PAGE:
The Inspect section in the app shows object centroid position, drone’s position and the setpoints being sent. These data streams are obtained by subscribing to them using FlytOS websocket APIs. The object tracking features can be accessed in your own custom app using the object tracking FlytAPIs.

In the demo video above we used a  SJCam-4000 camera plugged into a FlytPOD and flew it on a hex-550 frame. The images are captured at 30 fps with 320 x 240 resolution. The onboard object tracking module ran at ~25 fps, had approx 75 % CPU core utilization and used color mode. The camera is rigidly attached to the frame without a gimbal. This requires the onboard attitude compensation for setpoint correction though the onboard video feed is still a bit shaky and smoother operation is possible with a gimbal.


We are exploring more capabilities to add like April tags recognition, gimbal control to keep object in the image center combined with follow and possibility of accelerated vision processing.


We are currently running FlytPOD Beta program. Sign up here - http://flytbase.com/flytpod/#beta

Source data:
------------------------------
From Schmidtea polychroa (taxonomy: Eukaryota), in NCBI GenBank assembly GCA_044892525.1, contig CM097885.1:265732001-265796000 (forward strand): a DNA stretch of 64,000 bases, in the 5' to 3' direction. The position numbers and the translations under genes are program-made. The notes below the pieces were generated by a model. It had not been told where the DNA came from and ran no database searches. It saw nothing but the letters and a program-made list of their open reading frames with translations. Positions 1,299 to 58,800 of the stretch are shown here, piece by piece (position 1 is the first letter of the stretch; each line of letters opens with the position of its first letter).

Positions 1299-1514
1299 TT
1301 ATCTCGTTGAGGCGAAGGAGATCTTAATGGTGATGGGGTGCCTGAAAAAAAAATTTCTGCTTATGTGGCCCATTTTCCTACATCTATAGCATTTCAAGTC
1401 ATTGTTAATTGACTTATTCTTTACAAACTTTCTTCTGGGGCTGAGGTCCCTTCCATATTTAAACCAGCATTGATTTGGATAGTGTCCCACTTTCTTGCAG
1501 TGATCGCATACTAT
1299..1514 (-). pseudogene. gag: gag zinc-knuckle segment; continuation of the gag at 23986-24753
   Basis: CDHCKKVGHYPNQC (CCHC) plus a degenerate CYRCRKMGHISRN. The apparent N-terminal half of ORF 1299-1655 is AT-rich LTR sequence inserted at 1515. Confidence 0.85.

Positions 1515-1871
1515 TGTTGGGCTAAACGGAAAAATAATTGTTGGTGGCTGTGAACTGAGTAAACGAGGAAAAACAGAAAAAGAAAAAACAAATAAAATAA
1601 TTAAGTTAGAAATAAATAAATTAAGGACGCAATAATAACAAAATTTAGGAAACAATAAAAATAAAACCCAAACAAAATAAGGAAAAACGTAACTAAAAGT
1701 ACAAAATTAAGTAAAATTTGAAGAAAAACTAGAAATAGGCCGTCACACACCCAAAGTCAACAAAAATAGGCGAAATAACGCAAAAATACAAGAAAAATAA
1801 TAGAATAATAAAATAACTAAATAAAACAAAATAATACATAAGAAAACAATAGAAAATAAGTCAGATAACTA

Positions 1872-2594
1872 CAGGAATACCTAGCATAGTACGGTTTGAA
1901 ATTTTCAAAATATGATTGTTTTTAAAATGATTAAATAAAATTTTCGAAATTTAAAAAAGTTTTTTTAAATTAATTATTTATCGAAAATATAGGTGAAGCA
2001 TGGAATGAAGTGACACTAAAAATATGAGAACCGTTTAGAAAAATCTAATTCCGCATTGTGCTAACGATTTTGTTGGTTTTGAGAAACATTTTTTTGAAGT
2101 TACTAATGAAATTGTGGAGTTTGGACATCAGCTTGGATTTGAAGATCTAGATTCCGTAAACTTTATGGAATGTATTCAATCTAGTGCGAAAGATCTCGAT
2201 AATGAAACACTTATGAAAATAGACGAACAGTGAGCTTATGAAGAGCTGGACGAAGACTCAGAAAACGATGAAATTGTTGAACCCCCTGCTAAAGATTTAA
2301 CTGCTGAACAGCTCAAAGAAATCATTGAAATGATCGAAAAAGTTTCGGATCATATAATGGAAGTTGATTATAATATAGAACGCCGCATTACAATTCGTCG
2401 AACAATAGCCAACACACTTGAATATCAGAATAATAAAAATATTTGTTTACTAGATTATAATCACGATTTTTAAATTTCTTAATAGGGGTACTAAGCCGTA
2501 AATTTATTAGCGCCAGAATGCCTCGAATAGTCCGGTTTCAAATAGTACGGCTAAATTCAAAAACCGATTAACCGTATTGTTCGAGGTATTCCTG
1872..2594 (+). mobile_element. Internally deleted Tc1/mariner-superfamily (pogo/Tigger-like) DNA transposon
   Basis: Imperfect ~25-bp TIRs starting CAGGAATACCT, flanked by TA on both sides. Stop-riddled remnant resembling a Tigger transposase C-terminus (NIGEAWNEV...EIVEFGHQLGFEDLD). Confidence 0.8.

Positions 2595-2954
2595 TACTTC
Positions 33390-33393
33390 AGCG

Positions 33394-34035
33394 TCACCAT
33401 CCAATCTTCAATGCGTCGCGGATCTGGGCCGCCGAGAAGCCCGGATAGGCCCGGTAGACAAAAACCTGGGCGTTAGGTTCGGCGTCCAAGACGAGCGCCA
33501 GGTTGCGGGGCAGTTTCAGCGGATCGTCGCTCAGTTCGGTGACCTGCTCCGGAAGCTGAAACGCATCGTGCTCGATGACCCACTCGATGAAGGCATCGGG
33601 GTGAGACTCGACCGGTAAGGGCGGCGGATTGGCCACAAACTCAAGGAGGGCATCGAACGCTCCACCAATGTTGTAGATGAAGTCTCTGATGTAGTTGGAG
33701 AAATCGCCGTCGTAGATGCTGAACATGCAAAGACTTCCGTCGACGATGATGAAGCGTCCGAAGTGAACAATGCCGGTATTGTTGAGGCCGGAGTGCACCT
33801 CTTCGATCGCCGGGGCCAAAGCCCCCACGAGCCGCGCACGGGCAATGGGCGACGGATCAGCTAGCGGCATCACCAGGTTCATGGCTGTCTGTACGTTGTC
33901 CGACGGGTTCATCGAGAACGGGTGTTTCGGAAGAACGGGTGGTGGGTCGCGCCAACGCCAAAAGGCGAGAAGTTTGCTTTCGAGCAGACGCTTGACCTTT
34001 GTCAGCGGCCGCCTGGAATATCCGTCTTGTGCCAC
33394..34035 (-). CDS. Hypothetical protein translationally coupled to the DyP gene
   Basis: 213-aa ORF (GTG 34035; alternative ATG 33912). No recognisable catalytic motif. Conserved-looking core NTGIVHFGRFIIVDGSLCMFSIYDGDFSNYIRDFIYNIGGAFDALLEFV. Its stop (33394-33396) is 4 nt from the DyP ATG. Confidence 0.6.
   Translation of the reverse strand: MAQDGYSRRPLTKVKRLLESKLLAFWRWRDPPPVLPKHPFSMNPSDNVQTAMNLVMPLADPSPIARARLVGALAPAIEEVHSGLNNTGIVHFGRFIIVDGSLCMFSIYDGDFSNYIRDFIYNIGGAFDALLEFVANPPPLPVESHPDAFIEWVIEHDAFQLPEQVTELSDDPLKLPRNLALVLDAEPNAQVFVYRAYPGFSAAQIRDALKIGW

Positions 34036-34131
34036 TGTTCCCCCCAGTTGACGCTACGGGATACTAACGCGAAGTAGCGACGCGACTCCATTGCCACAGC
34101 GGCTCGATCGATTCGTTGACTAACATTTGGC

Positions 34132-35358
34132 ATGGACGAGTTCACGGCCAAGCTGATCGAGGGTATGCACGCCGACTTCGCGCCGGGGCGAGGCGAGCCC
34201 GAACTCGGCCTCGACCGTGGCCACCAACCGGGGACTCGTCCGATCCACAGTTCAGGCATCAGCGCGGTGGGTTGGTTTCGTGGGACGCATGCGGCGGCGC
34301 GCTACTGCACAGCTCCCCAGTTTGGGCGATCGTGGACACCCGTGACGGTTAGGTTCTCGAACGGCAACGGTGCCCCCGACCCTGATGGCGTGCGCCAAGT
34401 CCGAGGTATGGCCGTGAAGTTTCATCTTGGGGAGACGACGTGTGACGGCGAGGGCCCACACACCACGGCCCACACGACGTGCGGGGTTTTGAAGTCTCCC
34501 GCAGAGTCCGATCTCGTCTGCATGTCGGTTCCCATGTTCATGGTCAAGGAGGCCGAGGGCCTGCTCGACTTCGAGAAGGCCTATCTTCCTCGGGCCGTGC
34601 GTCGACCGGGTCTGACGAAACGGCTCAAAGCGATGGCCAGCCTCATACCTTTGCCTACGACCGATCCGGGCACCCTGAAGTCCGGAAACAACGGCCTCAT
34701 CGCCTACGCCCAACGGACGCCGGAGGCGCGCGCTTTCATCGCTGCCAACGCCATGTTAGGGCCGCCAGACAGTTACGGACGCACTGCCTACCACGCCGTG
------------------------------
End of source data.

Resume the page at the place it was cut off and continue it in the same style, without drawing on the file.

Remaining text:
To learn more about the Flyt platform, please visit - www.flytbase.com

Documentation for developers - http://docs.flytbase.com

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  • Hi Francisco and Tiziano,

    Thanks a lot for your appreciation and apologies for completely missing to reply earlier. Open source can get tricky and we have internally raised and discussed this matter several times. Our current plan is to focus on giving enough power to developers through APIs and refining core layers with their feedback. We will do our best to see to it that developers' hands are not tied and are willing to take up suggestions/requests on case basis. This is still nascent phase and the strategy will evolve as things starts to mature.

    Hope this helps.



  • Hi Patrick,

    Thanks for writing. Yes, we have successfully tested April tags recognition. Here is an initial demo - https://youtu.be/eSoAqfV91T0

    There is an onboard ROS package for April tags and also a sample web app that we used to test it. We have not yet formalized the APIs for April tags, within FlytOS. Thus, the package needs to be run separately and the sample web app shows how to access the video stream and how to set a param for selecting the tags family (video and param APIs use FlytOS framework). If this interests you, I can make the onboard package and sample app available.


  • Hello Pradeep,

    'We are exploring more capabilities to add like April tags recognition'' ,  

    Have you any progress on this ?

  • Really like it. I agree with Francisco: open source

  • You guys are doing great work. But you should consider open sourcing the FlytOS, it would allow more people to experiment with (and contribute to) the low level stuff instead of just using the high-level APIs.